The Stevia aftertaste can be completely ameliorated in different flavored liquid forms. My favorite is a brand called Sweetleaf. This brand offers many different flavors. I love the English Toffee flavor in my coffee. A drop or two of Chocolate Stevia on a fresh strawberry is nothing sort of fabulous. An occasional Berry Stevia in tea is also pretty darned good. The dropper bottles of flavored Stevia are available in many nutrition stores, so a little looking around should get you a local supplier.
Wait! There’s More!
Research on Stevia goes back a few decades. At the moment, PubMed lists just under 300 articles from a search on the term, ‘Stevia’. A quick summary of some of the health results includes the following:
Stevia appears to lower blood pressure in humans who already have high blood pressure.
Stevia may be helpful for glycemic control in diabetics, but this certainly needs more research for definitive conclusions.
In studies on rats, Stevia had anti-hypertensive, anti-inflammatory, anti-diarrheal, anti-tumor, diuretic and immunomodulatory effects. Stevia also increases HDL cholesterol, lowers oxidized LDL, reduces arterial plaque, and improves insulin sensitivity.
That’s great … for rats. I’d like to see the same kind of research on humans, wouldn’t you?
Anyway, that is ‘The Good’ for non-sugar sweeteners. The data are not overwhelming by any means. Nevertheless, Stevia is as good as it gets.
The Bad – Sorbitol
Sorbitol is one of many sweet substances that are classified as sugar alcohols. The main ones, besides sorbitol, are erythritol, maltitol, and xylitol. They are widespread in low-carb nutrition bars, sweetened protein powders, and many other low-carb foods.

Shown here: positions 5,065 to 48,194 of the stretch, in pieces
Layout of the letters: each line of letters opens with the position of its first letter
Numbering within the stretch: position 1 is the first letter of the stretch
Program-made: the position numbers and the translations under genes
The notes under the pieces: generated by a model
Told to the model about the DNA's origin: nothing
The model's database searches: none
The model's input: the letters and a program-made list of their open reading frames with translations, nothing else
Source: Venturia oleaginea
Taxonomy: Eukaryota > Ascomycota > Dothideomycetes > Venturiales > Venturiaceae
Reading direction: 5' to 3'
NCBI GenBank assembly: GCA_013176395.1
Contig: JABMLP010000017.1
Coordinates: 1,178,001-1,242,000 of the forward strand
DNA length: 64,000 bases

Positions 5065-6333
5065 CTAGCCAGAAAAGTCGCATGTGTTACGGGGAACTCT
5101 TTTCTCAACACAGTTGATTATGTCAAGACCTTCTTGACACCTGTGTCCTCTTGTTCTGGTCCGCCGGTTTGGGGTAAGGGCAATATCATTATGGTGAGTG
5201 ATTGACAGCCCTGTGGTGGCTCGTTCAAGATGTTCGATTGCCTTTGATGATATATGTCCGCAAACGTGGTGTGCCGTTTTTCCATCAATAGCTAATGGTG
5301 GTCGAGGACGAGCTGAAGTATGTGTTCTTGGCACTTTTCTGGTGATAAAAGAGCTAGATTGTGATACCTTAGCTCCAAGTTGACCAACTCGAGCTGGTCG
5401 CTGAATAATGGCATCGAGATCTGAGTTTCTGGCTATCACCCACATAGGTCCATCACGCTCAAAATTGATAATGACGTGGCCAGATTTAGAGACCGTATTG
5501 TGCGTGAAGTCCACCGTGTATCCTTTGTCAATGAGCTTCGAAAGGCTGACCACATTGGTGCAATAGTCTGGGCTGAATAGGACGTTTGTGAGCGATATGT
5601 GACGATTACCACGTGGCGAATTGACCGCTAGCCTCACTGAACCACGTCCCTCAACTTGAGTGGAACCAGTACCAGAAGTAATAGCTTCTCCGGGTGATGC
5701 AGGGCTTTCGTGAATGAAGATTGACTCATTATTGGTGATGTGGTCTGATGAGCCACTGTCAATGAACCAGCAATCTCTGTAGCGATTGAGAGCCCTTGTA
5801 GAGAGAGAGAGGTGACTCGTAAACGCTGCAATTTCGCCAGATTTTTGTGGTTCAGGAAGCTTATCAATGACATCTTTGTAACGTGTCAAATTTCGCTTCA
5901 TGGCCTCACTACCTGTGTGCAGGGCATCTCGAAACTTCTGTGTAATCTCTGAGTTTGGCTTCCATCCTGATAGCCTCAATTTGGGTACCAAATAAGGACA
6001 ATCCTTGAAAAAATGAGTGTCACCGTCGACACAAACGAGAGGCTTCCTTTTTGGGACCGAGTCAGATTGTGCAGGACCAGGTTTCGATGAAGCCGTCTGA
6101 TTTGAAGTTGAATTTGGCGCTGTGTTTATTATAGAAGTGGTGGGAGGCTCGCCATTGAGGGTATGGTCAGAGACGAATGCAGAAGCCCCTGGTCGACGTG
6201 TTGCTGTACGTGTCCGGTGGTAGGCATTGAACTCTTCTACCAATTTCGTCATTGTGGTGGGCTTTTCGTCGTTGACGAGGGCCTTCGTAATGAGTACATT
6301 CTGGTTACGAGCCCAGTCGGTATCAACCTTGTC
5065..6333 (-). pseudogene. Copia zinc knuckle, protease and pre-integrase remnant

I picked sorbitol as the example because it has been around longer, mainly as the sweetener in sugar-free gum, desserts, and candy. The reason it I call it ‘bad’ is that it acts as a laxative. Maybe you want a laxative effect from your foods and might therefore consider this a ‘good’ sweetener.
The gastrointestinal distress caused by sorbitol comes from its role as a food for your intestinal bacteria. Although this is not exactly a toxic reaction, it is undesirable for many of us. The other sugar alcohols cause the same problems, although generally not as intensely as those caused by sorbitol.
By the way, I would also classify most other non-sugar sweeteners as bad. These include saccharin, sucralose, acesulfame potassium, and cyclamates. Yes, you can still find cyclamates in diet sodas, even though they have been banned in the U.S. since 1969. They are still widely used in diet sodas in the U.K. and other parts of Europe.
Although all of these artificial sweeteners have drawbacks, they have their place in foods and drinks for diabetics. I don’t consume them and I don’t recommend them. However, they are only ‘bad’, not evil.
The one artificial sweetener that is absolutely evil and should never be allowed to enter your body is ‘The Ugly’ one – aspartame.